As States meet at the United Nations for the final round of negotiations towards a possible high seas treaty, a new scientific review of recent ocean research shows more clearly than ever the importance of ocean services, its critical role to humankind and the rate and scale of the changes occurring due to climate change and other human impacts.
Marine scientists from Oxford University’s Zoological Department have reviewed and synthesised findings from 271 research papers relevant to the functions of the ocean published since the Rio+20 Earth Summit in 2012, which highlighted the need for legal protection of the high seas. The purpose of the synthesis is to determine how scientific understanding of the role of the ocean has increased, with special focus on zones beyond national jurisdiction, the so-called high seas.
The report gives a compellingly rich overview of the latest knowledge about the ocean and its vast complex web of functions and systems. It also summarises the latest research on anthropogenic impacts from climate change and other human pressures such as industrial fishing and fertiliser pollution, and how they interact.
Some of the most significant findings highlighted in the synthesis include:
- recognition that the ocean is much more diverse and complex than even recently assumed, with great variations in species, processes and impacts dependent on location. This means that accurately modelling likely future changes – whether in carbon sequestration capacity, ecosystem integrity or species abundance – will require much greater and more coordinated research;
- mounting evidence that some regions are almost at their ecological tipping point. For example in the ocean basin, the Bay of Bengal, where further increases in runoff of agricultural fertilisers or further environmental changes caused by climate change could create a new extreme oxygen depleted zone. The consequences of this would be an impact on the global nitrogen cycle and large-scale disturbance of ecosystems in a region with high dependency on fishing for livelihoods and food security;
- decades-long deep sea impacts of experimental mineral extraction, highlight the importance of thoroughly documenting a location prior to exploitation, as well as careful management of the areas mined;
- indications of increased stress to ocean due to climate change which points to importance of building resilience through marine protected areas:
- future phytoplankton abundance may reduce, impacting the whole food web, including fish stocks and sedimentation rates to the deep ocean;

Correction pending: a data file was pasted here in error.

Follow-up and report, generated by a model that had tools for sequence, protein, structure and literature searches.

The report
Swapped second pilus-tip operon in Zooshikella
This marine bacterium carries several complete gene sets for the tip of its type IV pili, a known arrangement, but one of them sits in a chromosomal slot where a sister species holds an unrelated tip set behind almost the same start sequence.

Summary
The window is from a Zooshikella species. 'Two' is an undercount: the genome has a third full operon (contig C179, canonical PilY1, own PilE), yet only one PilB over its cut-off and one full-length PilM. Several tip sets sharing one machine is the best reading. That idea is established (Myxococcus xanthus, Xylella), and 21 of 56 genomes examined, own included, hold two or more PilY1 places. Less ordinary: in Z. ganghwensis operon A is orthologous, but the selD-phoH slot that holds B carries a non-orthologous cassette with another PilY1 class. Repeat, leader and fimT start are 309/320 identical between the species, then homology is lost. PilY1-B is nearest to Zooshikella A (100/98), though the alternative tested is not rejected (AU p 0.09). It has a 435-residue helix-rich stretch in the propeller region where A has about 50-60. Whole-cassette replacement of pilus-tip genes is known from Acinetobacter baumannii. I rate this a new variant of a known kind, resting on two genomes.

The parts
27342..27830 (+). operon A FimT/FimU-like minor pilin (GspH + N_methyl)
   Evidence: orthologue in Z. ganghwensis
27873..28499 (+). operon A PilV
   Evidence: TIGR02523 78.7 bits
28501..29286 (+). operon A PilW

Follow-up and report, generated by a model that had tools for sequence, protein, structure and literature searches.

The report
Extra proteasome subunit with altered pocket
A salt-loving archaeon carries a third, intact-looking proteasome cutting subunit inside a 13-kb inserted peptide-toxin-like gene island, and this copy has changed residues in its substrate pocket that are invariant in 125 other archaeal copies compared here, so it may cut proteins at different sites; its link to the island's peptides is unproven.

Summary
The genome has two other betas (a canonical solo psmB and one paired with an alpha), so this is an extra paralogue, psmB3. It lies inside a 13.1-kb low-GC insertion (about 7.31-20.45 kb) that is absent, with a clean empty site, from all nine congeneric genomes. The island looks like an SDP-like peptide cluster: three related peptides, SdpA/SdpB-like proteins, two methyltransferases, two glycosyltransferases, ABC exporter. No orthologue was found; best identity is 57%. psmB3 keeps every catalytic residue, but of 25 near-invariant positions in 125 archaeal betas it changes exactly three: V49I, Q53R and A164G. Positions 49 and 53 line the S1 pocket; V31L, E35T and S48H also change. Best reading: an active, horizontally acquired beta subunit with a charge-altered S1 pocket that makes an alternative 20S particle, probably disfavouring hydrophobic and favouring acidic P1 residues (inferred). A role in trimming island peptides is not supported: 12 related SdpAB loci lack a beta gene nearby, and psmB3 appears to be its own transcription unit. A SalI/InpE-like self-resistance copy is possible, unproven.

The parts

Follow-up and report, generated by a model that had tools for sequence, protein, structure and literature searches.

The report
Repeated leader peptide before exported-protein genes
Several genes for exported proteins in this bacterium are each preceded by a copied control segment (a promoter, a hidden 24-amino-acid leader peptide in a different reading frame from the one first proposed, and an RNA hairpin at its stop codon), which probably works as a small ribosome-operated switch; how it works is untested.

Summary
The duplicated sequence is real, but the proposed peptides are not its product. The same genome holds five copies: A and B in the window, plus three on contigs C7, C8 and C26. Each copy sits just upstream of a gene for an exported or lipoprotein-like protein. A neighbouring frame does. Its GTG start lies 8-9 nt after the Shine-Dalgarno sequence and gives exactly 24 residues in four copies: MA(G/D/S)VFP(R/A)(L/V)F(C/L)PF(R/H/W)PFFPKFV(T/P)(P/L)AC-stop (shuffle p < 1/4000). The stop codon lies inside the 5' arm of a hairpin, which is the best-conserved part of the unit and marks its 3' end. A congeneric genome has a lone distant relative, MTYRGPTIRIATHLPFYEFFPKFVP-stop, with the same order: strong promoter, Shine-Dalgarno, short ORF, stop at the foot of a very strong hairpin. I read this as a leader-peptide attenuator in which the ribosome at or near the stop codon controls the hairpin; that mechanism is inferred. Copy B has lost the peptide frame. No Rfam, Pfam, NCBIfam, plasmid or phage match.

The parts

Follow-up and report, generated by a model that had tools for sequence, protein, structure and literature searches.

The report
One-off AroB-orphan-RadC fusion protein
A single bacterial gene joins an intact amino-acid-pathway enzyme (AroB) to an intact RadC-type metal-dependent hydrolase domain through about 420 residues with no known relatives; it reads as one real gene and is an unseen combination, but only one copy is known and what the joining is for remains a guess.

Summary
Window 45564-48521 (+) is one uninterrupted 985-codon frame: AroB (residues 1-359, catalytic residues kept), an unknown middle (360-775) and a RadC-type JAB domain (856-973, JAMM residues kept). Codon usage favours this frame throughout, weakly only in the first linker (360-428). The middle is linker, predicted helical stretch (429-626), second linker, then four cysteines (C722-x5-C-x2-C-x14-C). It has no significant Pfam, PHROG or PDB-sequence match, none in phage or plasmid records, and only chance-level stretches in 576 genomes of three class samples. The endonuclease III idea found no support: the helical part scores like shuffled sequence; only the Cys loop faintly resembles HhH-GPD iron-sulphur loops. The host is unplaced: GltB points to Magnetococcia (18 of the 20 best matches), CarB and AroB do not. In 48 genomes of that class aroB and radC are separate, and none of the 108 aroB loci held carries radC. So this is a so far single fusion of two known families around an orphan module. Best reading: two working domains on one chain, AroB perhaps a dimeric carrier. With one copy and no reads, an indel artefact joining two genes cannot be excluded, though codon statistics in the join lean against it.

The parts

- increased sea surface temperatures have also resulted in the rise of Vibrio bacteria, which has been associated with a global increase in illnesses, such as cholera, gastroenteritis, wound infections and septicaemia.
- Plastic large and small is ubiquitous in the ocean, its full impact is unknown, but ecological impacts have been demonstrated. This is especially important as production and disposal of plastics increase year-on-year.
The report’s co-author Dr Lucy Woodall says “The past five years have seen a step change in technology and methods used by scientists to explore new ocean locations. We are seeing studies increasingly focused on the complexity and interconnected nature of ocean processes and the anthropogenic impacts already occurring. This is good news, but it also reveals how vulnerable many of the ocean’s systems are, and how much we still don’t know.”
Coordinator of the High Seas Alliance, Peggy Kalas said: “This review highlights the extraordinary advance in our knowledge of the role of the ocean and also of the rate of change occurring. It makes clearer than ever that human impacts are being felt across the high seas, not just in our EEZs. The two overriding take homes from this report are that we urgently need the binding governance structure in place to properly manage the high seas, and that we must apply the precautionary principle to ensure human activities are sustainable.”
Senior international negotiator, Belgium’s Ministry of Environment Ms. Sophie Mirgaux said: “The science is clear, marine reserves are necessary to achieve true ocean resilience against the effects of climate change. The target agreed by the international community for 10% of the ocean to be marine protected areas must not only be quantitative, but also qualitative. We need to be ambitious and create a system that allows for the establishment of large-scale marine reserves. Belgium has initiated an alliance of marine reserves, with a Joint Declaration.”
This week sees the start of the fourth and final session of the Preparatory Committee established by the UN General Assembly Resolution 69/292in 2015 to make recommendations for a legally binding treaty on the conservation and sustainable use of marine biodiversity in areas beyond national jurisdiction. This process follows a decade of discussions at the UN within the UN Ad hoc open ended working group, and a commitment by governments at Rio+20 in 2012 to take a decision on the development of a new treaty.
This would be the first ever treaty dedicated to the protection and sustainable development of marine life in the high seas (covering almost half the planet).
Co-author Professor Alex Rogers said: “This review demonstrates that there is more than enough evidence that the high seas are a vital part of whole ocean health and need rigorous protection to ensure that they can continue performing vital ecosystem services of benefit to our planet. The scientific challenge is now to work with more speed, scale and coordination to be able to model the potential changes due to climate change and other human-made influences which will undoubtedly affect us all.”
To download the full report, go to: http://highseasalliance.org/sites/highseasalliance.org/files/HS%20Synthesis%20Oxford%20%28110717%29.pdf